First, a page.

Complementary therapies

At present the most successful way of treating heart failure is by medication, though some studies have suggested that transcendental meditation, yoga and other relaxation techniques help to reduce blood pressure and increase people’s sense of well-being. Research is also being carried out into the possible benefits of tai chi. NICE (National Institute for Clinical Excellence) issued guidelines in June 2006 on the treatment of high blood pressure that stated that relaxation therapies such as stress management, meditation, cognitive therapies, muscle relaxation and biofeedback, can have a modest effect on reducing blood pressure and people, ‘may wish to pursue these as part of their treatment’.

Though many people thought that learning to relax and concentrating on things that took them out of themselves would be beneficial, few had actively tried new things and most said that they preferred to talk to their family or their doctors.

Feels she does not need alternative therapies because she gets her support from medical staff and…

Age at interview 66

Gender Female

Age at diagnosis 65

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Most people said they had not tried complementary medication such as herbal remedies in case they might interfere with their usual medicines. Others speculated that their doctors would not like them to ‘experiment’ with other remedies. A woman who had tried valerian to help her sleep found that it interfered with warfarin and said she always checked with her chemist before buying anything.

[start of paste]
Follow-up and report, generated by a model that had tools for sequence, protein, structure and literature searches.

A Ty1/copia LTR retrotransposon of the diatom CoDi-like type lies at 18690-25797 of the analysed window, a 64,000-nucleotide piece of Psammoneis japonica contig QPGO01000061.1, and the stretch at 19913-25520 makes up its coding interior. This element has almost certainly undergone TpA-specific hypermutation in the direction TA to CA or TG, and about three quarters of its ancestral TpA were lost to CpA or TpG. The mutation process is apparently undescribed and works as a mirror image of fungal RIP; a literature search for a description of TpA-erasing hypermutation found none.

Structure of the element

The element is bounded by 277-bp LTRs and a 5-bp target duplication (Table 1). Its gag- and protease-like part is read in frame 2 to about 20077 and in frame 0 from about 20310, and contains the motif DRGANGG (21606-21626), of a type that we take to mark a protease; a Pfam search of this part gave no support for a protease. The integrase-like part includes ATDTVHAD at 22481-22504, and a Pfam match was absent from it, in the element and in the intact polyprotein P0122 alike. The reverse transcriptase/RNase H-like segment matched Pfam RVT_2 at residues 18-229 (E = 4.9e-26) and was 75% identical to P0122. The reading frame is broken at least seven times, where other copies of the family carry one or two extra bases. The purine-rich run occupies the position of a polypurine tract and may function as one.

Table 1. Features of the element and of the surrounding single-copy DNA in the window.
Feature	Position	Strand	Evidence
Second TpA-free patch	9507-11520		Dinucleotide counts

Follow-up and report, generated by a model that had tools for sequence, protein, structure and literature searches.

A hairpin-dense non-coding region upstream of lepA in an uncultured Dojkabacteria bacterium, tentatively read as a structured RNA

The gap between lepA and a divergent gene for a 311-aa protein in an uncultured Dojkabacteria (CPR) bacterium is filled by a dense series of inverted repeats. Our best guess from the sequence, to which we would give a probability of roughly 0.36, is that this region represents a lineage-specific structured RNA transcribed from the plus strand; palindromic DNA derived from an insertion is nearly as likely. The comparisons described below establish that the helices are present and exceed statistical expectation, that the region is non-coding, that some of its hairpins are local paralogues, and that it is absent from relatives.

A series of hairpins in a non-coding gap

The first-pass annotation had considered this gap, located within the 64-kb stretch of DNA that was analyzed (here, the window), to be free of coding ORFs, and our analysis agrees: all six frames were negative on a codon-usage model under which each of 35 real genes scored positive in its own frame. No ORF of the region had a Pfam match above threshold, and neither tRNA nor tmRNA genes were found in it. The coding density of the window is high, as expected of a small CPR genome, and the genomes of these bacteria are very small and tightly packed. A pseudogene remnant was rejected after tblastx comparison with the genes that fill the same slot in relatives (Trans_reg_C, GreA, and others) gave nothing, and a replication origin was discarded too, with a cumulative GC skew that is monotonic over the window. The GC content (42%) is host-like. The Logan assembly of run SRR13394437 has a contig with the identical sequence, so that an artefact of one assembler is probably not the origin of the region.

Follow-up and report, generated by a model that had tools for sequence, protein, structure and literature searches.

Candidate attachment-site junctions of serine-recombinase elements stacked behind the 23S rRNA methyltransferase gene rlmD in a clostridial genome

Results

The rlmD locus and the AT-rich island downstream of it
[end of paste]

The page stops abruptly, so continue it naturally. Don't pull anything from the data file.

Someone who had tried homoeopathy and cranial osteopathy said that though they would probably work for other people, they had not worked for her. She said that she started feeling better once doctors had got her medication right. A man who tried Reiki healing said that it gave him a set time outside his usual routine when he could relax and reflect.

She tried various complementary practices – homoeopathy and osteopathy – but found they didn’t…

Age at interview 53

Gender Female

Age at diagnosis 49

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He describes Reiki healing which helped him to relax and reflect.

Age at interview 39

Gender Male

Age at diagnosis 37

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Several people talked about how their religious faith helped their recovery and said they put themselves in God’s hands. Others said they prayed regularly and attended places of worship, and one man was pleased to have led a service and preached at his local church. A woman who sees her priest regularly for home communion said she also valued being able to talk to him because he was such a good listener.

Says he prays and puts himself and his health in God’s hands.

Age at interview 46

Gender Male

Age at diagnosis 45

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Many activities were said to be therapeutic including keeping a reflective diary, painting, yoga and meditation (see ‘Sports, hobbies and activities’). Others said they had tried listening to relaxation tapes and several people were thinking about joining relaxation and yoga classes. A woman who had been bereaved said that looking after herself helped her look and feel better and was helping to restore her self-confidence.

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There were a number of ways that people used to unwind or overcome some of the strain of heart failure, which included watching television and old films. Someone else said his own mantra (‘it really doesn’t matter’) whenever he found himself stressed or upset (see ‘Stress and heart failure’).

What carers think

We talked to some of the husbands and wives of people with heart failure. They talked about the changes they had noticed in their partner...